How to Earn Trust from Those You Want to Influence

I remember holding hands with a sweaty African boy in Kenya in the summer of 1996. I had already learned during my stay that it was common for males to hold hands. This was a sign of friendship and alliance. So, when Norman reached out to hold my hand, I had to push down every cultural resistance bursting inside of me. Norman was highly respected among the other boys in the High School where I was trying to minister. We had been playing basketball, and as Norman and I waited on the sidelines to sub back in, we held hands. I hoped to get back in the game soon . . .

Let’s continue to take a look at the seventeen strategies for developing "better relationships faster" from the Business Insider article,  “How to Make People Like You Immediately.” You can read my first two posts here: Develop Better Relationships Faster and How to Be the Kind of Person Everyone Wants to Be Around.

We will continue to evaluate these strategies based on biblical principles, and see if we can learn more about influencing others for Christ. Here are the fifth and sixth pieces of advice from the article.

“5. Make friends with their friends.”

Here is the main idea: “Two people are likely to be closer when they have a common friend.” This is the power of a reference. If someone I trust trusts someone else, I am inclined to trust them as well. In his book, Making Friends for Christ, Wayne McDill  calls this “the web of relationships.” As we seek to influence others Christ, it helps for us to be aware of this natural dynamic. The people we already know, and their friends, are our mission field.

McDill writes, “Each of us lives in a ‘world’ unique to himself. No one else, not even your closest relative, knows the same combination of people. This special set of acquaintances is your world, your own everyday mission field. No one can influence this group of people as you can.”

So, I would suggest reversing the strategy from the article. Instead of trying to get to know the friends of a person we are trying to influence, it is more natural to make new connections with the friends of people who already trust us. These are paths of trust. New friends we make through our trusted friends provide us a beginning level of trust.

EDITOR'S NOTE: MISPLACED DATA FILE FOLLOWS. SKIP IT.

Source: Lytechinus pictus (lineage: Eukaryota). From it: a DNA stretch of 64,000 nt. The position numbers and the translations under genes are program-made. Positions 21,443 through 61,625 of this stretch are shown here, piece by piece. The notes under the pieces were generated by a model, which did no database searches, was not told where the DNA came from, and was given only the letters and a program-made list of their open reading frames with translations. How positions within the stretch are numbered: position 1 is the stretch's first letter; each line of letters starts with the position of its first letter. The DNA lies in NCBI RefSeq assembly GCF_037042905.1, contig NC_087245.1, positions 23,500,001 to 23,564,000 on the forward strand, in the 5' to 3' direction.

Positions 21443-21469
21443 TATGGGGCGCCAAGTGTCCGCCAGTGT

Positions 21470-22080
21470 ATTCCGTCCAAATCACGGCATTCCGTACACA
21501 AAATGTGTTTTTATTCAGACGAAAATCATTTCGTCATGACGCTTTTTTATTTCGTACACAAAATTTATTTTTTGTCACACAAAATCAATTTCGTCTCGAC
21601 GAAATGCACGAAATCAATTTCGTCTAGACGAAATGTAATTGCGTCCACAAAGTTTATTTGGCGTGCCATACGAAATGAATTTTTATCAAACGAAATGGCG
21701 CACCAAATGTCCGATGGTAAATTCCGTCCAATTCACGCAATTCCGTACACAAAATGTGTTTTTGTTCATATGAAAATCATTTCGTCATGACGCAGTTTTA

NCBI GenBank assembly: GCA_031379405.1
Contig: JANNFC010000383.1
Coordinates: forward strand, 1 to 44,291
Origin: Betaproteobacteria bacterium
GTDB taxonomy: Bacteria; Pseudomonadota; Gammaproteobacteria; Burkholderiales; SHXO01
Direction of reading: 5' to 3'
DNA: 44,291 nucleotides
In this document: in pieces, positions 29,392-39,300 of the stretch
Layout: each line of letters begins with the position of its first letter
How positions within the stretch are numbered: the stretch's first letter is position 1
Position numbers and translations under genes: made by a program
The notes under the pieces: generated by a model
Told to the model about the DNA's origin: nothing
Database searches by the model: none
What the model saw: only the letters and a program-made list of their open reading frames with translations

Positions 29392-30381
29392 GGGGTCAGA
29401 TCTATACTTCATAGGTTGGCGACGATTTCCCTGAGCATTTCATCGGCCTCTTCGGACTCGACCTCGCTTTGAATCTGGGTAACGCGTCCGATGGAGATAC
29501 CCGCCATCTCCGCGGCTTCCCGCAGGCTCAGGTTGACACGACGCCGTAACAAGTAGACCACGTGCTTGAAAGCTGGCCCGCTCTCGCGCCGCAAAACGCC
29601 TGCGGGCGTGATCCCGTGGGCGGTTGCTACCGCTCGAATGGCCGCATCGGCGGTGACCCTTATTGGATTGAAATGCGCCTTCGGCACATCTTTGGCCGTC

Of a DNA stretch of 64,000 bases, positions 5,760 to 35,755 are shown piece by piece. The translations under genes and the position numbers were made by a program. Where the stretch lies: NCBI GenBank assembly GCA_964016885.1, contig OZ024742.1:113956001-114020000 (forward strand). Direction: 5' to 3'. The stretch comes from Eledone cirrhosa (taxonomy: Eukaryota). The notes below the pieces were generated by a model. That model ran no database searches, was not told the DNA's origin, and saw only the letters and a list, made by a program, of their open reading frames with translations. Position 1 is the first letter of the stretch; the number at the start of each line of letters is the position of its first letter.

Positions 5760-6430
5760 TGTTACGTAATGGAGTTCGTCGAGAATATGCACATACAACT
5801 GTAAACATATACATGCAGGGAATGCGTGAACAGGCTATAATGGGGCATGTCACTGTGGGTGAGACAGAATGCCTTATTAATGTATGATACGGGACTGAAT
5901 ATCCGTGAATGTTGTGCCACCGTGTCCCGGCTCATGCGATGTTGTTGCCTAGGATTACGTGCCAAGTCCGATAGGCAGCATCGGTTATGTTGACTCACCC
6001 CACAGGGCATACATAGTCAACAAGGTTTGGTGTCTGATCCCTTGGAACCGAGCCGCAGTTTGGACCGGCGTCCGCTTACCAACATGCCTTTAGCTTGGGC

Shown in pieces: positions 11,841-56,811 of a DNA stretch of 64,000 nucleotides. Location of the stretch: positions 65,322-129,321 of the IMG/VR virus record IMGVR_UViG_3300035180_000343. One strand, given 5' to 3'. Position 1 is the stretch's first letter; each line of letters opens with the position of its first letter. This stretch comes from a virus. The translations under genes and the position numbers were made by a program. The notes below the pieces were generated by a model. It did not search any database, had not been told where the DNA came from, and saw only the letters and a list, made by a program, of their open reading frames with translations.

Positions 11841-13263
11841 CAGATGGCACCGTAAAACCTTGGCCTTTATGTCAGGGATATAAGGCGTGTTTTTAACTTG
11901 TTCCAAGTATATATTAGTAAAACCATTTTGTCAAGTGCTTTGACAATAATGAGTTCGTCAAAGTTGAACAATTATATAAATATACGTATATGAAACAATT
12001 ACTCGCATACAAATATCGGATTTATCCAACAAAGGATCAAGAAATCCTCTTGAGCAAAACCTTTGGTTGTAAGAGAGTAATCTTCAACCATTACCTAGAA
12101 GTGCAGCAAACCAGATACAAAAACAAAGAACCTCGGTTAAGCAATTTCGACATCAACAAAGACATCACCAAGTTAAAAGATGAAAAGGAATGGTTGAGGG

“6. Don’t be complimentary all the time.”

Here is the main idea: “Your positive comments will make more of an impact if you deliver them only occasionally.” A study is cited in the article which concludes that people like it better when others noted their negative qualities as well as their positive qualities.

This makes sense because we know that no one is perfect. If someone only states positive things about us, we conclude that they are not being totally honest or genuine. In my experience, the number one quality people want in a friend is honesty.

I remember talking with a few people at a wedding after I had enjoyed some cake. After several conversations, a good friend of mine approached and almost immediately informed me that I had icing on my face. All those people from the previous conversations just left me with cake on my face! It is not difficult to figure out who I counted as a true friend.

The Bible expresses this principle in Proverbs 27:5-6:

 "Better is open rebuke than hidden love.
 Faithful are the wounds of a friend;
 profuse are the kisses of an enemy."

If you want to earn someone’s trust, be honest with them. Real friends don’t flatter. Give them realistic feedback that helps them grow. They will count you as a trustworthy friend.